David’s life could turn out very, very badly. His mother dies suddenly when he is an infant. Then at age two, he is gone. Vanished, with his father, and abandoned in a far-away place…. This is a story of forgiveness and redemption: Letter From...
David’s life could turn out very, very badly. His mother dies suddenly when he is an infant. Then at age two, he is gone. Vanished, with his father, and abandoned in a far-away place.
His future hangs on a Letter from Alabama, a piece of paper that must travel hundreds of miles in an envelope. Then it must land in exactly the right place in a busy office where nobody is under any obligation to read it or pay any attention to it. This is the true story of that letter, and all that will transpire because of it.
It’s the story of human failure, and human triumph. Forgiveness and redemption. It is a testament to, and a prayer of thanks for, good and decent people everywhere who stand up for a child when they don’t have to—when they have nothing to gain and perhaps much to lose.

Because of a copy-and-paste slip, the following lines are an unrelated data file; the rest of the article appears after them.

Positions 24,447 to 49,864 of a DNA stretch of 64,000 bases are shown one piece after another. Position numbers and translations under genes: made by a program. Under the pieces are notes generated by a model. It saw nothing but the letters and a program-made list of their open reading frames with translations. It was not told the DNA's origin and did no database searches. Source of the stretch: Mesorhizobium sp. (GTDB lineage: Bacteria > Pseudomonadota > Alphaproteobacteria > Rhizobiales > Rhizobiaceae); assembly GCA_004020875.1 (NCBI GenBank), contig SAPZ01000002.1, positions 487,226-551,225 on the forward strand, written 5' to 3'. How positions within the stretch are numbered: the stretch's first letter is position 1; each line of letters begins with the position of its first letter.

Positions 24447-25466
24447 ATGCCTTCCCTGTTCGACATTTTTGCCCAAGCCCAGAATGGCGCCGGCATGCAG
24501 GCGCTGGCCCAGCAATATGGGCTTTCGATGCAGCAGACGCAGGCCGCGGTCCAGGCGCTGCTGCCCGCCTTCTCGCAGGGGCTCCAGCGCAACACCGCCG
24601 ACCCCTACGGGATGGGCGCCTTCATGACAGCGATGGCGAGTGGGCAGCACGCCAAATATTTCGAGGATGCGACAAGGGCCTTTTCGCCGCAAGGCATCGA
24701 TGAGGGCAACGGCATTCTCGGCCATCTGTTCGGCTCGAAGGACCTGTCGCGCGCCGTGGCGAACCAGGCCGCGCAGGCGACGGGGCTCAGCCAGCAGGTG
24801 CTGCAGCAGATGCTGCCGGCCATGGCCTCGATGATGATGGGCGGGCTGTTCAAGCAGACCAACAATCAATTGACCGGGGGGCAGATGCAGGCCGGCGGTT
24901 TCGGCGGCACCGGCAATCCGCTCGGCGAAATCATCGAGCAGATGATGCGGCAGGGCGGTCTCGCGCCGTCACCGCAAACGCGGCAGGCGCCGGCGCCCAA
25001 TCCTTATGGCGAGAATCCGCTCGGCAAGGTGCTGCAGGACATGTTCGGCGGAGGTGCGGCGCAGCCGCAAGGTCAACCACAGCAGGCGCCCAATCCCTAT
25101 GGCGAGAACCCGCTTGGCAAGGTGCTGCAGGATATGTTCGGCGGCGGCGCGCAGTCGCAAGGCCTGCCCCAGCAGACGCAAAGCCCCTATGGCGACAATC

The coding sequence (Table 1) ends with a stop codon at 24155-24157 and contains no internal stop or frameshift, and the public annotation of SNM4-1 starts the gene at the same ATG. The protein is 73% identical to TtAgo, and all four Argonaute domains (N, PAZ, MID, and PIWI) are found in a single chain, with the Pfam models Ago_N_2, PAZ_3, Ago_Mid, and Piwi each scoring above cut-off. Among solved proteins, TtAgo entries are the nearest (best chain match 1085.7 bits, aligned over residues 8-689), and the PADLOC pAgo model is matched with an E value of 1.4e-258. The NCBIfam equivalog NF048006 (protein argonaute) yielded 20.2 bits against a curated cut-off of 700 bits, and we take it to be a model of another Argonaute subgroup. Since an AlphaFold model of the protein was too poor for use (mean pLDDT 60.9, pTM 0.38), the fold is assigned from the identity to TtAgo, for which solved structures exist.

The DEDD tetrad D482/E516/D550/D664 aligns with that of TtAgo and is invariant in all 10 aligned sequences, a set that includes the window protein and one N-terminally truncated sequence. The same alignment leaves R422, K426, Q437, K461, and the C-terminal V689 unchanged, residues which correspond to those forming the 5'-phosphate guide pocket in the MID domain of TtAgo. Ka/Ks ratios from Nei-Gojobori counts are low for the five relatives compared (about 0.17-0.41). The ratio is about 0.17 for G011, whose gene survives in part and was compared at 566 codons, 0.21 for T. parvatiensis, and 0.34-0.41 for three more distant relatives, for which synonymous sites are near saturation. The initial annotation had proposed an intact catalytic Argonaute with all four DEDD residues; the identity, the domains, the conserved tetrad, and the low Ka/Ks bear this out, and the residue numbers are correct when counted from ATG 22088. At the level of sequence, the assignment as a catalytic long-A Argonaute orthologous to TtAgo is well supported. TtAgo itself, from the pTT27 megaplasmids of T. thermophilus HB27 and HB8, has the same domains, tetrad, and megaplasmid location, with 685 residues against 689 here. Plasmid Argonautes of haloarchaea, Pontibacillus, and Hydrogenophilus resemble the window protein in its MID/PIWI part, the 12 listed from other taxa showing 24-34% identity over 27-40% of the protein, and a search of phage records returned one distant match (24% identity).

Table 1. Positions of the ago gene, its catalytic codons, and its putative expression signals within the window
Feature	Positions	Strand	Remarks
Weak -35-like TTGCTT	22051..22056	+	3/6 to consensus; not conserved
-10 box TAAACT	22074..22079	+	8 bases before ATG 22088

It’s a tribute to those who see the potential in a young person and give that person a chance to be the best that he or she can be. They are the heroes for whom this story is now committed to writing.
5-star Amazon review:
“David Workman’s memoir provides an inspiring, often bittersweet portrait of a boy growing into a manhood shaped and guided by loving, nurturing family. His mother dead, his father disappeared, the toddler is taken in, cared for, and eventually joins a unique, loving family. The book follows Workman from those early years through a life of personal and professional triumphs as a son, brother, husband, father, journalist, editor, writer. Full disclosure: I was lucky enough to know Workman in high school, to benefit from his knowledge working with him on our school paper, and I take pride in thinking of him as a a friend. However, that personal connection aside, this is a fine, well written book that blends his personal story with the greater events of American life in the second half of the 20th Century. Workman’s celebration of family deserves to be read. R. Headley.”